What is a System Architect?

Are you interested in what the role of a System Architect is? Most people that think of an Architect, think of someone who plans and designs a building. During construction he/she keeps a close eye on details. A System Architect is doing something similar, except it is not a building but a (high-tech) system. This blog post will try to give answers to the questions what is the position of the System Architect and what drives the System Architect, seen from high-tech industry perspective. Feel free to comment on this blog post to share your view or experience.

What is the position of the System Architect?

The System Architect has a key role in a project to communicate with several stakeholder of the project/product. Among the stakeholders are the paying customer, the user of the system, marketing department, project manager, product manager, production/quality manager, designers, developers and testers. In this web of stakeholders the Architect is responsible for the technological part of the system, needs to communicate opportunities, identify risks and understand the domain / business case of the customer. During the project the Architect needs to think critically in order to mitigate risks. The general expectation from the Architect is to guide the project to all major technology/design decisions, to gain more certainty. This is also referred to as the “Quest for certainty” by Gerrit Muller in System Architecting.

The System Architect will translate the Voice Of the Customer also abbreviated as VOC into high-level (technical) requirements. Only by truly knowing what the customer wants and just as important why the customer wants it, he can start drawing up the skeleton / framework of the system. He needs to weigh the costs and benefits of different features of the system and decide with the stakeholders, the must haves, should haves, could haves, and would like but will not get. So it boils down to decision making and having vision!

Most of the time a System Architect works in multi disciplinary setting. Which means, challenges can be solved in different domains (Mechanical, Electronics, Mechatronics, Software etc). Of course a good Architect will have a broad knowledge, but also needs to have feeling with technology in general. This “gut” feeling often guides him to ask the right questions, to the right person. Translating a challenge in a high-level concept can help to cross the borders of different domains. This ability partly comes with experience.

The Architect is also the person to assist in defining the Acceptance Test of the product, preferrable in cooperation with the customer. Here we also see the strength of a good Architect to make quantifiable requirements, which can be verified later on. The better the requirements the easier the definition of the acceptance test. The Architect should take pride in writing down requirements that are understandable in one way, have clear rationale and are measurable.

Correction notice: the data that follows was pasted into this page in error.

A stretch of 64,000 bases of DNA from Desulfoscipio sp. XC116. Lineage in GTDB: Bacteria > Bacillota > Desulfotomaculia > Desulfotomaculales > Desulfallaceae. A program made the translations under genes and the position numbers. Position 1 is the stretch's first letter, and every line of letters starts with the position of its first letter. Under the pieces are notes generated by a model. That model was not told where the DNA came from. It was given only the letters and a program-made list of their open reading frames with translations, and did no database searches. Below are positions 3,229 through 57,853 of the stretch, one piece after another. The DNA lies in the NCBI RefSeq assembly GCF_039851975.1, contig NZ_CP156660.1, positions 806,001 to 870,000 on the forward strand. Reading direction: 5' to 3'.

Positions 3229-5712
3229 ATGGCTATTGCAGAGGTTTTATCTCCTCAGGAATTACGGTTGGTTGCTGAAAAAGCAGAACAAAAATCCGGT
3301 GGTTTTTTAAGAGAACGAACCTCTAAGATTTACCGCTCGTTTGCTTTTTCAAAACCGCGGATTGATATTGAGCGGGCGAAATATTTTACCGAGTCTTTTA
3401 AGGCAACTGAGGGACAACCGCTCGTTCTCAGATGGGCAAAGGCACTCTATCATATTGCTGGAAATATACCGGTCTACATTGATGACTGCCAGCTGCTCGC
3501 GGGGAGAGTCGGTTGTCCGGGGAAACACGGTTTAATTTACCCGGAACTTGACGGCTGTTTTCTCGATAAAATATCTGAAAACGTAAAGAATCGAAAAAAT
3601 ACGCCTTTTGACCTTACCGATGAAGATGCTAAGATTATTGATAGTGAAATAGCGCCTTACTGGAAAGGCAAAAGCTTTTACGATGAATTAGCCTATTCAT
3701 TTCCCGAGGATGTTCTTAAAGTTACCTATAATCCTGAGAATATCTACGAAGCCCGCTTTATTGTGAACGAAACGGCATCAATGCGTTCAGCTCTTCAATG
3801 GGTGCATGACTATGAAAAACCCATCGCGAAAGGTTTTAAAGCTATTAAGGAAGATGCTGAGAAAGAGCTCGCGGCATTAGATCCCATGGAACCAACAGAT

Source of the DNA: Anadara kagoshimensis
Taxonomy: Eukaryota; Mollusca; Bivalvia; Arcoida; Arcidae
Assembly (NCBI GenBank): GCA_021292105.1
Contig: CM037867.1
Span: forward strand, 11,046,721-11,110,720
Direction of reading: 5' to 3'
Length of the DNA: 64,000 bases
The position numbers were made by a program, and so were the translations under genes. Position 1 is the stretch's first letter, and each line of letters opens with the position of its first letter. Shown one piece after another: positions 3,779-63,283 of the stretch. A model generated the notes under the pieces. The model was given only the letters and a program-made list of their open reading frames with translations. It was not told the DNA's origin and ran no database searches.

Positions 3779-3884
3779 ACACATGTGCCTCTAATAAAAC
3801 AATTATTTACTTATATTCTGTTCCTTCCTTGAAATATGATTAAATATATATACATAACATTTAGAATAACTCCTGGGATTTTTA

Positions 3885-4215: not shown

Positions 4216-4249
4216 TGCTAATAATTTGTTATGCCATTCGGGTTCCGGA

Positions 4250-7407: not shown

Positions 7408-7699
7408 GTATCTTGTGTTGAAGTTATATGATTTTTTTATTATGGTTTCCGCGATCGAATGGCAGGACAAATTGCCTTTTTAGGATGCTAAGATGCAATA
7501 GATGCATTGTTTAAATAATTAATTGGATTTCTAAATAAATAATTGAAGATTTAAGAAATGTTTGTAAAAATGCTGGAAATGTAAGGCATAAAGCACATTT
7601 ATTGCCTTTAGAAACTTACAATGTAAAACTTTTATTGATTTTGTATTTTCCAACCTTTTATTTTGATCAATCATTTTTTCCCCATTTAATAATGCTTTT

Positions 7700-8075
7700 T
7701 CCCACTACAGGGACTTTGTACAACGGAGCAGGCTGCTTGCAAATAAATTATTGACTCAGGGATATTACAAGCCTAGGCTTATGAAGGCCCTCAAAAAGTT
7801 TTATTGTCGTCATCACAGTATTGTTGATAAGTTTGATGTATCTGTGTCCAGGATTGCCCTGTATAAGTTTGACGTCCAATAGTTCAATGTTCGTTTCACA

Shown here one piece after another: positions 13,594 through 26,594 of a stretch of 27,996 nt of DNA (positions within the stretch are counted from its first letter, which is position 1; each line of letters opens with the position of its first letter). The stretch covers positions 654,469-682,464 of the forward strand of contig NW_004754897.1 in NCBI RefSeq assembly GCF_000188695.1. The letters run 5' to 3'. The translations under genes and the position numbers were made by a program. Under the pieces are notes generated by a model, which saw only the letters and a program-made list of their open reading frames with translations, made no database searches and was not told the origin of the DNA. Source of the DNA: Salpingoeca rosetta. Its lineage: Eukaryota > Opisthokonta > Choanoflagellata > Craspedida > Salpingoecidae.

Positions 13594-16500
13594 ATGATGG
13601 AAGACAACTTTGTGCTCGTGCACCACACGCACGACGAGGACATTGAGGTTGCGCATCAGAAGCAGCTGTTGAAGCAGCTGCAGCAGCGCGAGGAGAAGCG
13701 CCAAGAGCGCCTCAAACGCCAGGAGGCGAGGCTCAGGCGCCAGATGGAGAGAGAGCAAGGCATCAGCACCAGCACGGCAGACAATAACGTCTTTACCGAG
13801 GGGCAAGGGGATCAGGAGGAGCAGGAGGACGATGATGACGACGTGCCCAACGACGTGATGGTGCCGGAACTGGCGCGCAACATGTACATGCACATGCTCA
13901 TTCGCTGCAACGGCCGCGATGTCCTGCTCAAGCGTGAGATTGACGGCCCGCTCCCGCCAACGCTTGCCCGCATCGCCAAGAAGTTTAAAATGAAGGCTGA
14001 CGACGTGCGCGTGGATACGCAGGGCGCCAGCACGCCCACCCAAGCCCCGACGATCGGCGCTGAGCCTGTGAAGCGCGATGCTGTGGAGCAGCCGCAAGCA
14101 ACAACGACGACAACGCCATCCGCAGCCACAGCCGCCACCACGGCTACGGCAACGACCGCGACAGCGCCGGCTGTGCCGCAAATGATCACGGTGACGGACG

What drives the System Architect?

The Architect should like to switch perspectives, in other words, looking from the different viewpoints of stakeholders. He should have knowledge on abilities like designability, testability, usability, securability, traceability, verifiability etcetera. Besides that the Architect also needs to have a feeling with the product / system, plainly said being passionate about it. Should love to zoom in, eye for detail and zoom out, helicopter view. Talent for these abilities is one thing but there are also models / frameworks to support an Architect, e.g. CAFCR and 4+1 View, many of them are based on perspective taking.

CAFCR: Multi-view Method for System Architecting

Since an Architect should be proud of his work, one good take away is to expose the Architecture of the system to everybody that needs to see it. Think of having a poster with a model of the Architecture near the coffee machine. See how much input and discussion you will get, this will help you to come more quickly and effectively to your desired output. Make it a living poster / wall and update regularly. This makes the Architecture attractive and interactive and not just a document, spreadsheet or a bundle of diagrams.

Moreover the Architect gets energy from enthusing / inspiring / explaining people and needs to like to communicate about the product / project on different levels. This communication needs to be tailored towards the audience, technical / non-technical, abstract or in detail.

So far my perspective and explanation on the role of a System Architect. Please share your thoughts and experience below.

— Bob Peters (Embedded System Engineer), Embedded Systems Enthusiast

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